But ministers now say only “up to 2,000” will be admitted over 12 months through that route, working with the United Nations High Commissioner for Refugees (UNHCR).
Instead, it is counting thousands of people airlifted out of the country last August towards the 5,000 target for the Afghan Citizens Resettlement Scheme (ACRS).
“The government now makes clear it will fail to meet that target. This is yet another promise broken by the prime minister,” he told The Independent.
“Meanwhile the home secretary is now seeking to send a number of those very Afghans to Rwanda. This is a shameful and profoundly un-British mess.”
Layla Moran, the Liberal Democrat foreign affairs spokesperson, said: “We were told that 5,000 people would come to the UK in the first year of the new scheme. But it turns out they are double counting people who had already been evacuated.”
The announcement follows fierce criticism of the government for dragging its heels on the ACRS – which was only finally confirmed in January, five months after the Taliban takeover.
Around 15,000 refugees were evacuated to the UK in chaotic schemes as Western forces pulled out, but only on temporary six-month visas – without permission to remain here permanently.
Mr Johnson promised to bring in “another 5,000 Afghans” through “a new and bespoke resettlement scheme focusing on the most vulnerable, particularly women and children”.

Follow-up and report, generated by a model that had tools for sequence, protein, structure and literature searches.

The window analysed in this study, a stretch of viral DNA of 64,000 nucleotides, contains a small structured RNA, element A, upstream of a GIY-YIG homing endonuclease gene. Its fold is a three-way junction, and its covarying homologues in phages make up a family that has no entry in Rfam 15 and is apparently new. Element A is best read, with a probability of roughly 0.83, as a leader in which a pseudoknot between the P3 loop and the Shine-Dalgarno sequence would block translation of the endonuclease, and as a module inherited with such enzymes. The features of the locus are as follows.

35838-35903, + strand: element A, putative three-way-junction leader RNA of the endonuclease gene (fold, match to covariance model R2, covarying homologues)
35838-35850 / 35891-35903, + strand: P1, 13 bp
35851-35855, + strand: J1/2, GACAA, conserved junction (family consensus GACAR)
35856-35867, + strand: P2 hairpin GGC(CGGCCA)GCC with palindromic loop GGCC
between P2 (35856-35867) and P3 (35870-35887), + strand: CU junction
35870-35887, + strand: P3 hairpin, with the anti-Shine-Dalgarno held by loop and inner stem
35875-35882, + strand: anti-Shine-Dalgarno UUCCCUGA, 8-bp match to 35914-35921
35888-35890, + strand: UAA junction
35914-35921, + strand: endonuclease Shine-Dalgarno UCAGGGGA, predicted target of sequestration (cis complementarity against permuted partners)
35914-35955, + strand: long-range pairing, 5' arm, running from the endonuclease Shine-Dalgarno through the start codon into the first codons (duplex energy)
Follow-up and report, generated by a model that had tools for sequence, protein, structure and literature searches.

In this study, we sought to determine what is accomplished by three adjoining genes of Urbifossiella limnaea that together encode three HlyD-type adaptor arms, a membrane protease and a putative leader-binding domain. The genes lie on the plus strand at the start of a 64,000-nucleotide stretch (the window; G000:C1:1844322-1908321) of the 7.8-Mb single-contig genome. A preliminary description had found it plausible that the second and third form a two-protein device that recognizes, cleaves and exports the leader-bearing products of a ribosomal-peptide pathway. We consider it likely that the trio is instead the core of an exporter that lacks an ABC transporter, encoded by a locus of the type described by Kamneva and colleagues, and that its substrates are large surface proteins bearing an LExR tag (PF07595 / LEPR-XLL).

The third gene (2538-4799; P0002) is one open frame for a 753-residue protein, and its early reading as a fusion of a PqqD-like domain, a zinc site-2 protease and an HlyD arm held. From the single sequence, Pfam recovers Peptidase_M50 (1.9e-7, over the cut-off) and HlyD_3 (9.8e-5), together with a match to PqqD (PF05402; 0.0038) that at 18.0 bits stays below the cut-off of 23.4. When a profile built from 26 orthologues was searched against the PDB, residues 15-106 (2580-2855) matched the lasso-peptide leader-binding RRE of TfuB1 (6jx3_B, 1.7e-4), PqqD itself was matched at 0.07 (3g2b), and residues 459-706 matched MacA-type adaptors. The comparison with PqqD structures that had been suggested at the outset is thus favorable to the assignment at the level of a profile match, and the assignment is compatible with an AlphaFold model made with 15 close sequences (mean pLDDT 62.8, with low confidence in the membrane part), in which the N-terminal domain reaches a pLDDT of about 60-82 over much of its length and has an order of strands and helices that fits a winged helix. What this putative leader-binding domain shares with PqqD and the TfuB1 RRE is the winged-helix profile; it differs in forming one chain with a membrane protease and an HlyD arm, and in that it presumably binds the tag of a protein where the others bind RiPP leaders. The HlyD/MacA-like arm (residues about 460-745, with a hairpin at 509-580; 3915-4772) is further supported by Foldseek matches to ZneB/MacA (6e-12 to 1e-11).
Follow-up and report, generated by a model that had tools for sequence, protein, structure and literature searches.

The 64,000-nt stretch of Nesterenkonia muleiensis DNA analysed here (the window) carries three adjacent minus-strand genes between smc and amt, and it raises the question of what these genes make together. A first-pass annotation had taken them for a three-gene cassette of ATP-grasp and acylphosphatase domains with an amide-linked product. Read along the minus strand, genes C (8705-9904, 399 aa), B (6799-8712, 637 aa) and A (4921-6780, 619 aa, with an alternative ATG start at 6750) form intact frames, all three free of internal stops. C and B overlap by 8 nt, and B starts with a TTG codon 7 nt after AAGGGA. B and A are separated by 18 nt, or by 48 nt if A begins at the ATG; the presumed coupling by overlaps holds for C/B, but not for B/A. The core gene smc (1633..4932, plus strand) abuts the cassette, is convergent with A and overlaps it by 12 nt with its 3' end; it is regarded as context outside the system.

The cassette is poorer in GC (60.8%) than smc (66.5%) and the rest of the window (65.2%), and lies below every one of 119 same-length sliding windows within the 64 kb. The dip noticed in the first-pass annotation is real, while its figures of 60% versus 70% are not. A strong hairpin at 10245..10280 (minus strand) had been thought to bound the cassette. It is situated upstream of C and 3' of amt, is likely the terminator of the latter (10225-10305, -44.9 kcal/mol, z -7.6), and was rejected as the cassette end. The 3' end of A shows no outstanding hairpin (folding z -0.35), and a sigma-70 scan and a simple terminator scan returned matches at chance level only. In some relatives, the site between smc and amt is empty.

But the Home Office now says it has already exceeded this target, arguing “around 6,500 people” brought to the UK in the initial evacuation last year “are eligible for the ACRS”.
“We anticipate receiving referrals from UNHCR for up to 2,000 refugees during the first year of this pathway, although this number will be kept under review,” a statement said.
The announcement also cast doubt on a pledge to admit 20,000 further refugees over five years, saying only: “We will continue to receive UNHCR referrals to the scheme in coming years.”
Up to a further 1,500 “at risk” people, contractors for the British Council, security staff and former Chevening scholars, and their family members, will also be referred for resettlement.
Zoe Gardner, head of policy at the Joint Council for the Welfare of Immigrants, condemned the “paltry number of Afghan refugees” the government is accepting.
“They’ve slammed the brakes on the Afghan resettlement scheme and they refuse to introduce the family reunion routes, or humanitarian visas, that would prevent people from risking their lives to get here,” she said.
But a Home Office spokesperson said: “The UK is taking a leading role in the international response to supporting at-risk Afghan citizens and has made one of the largest commitments to resettlement of any country.”
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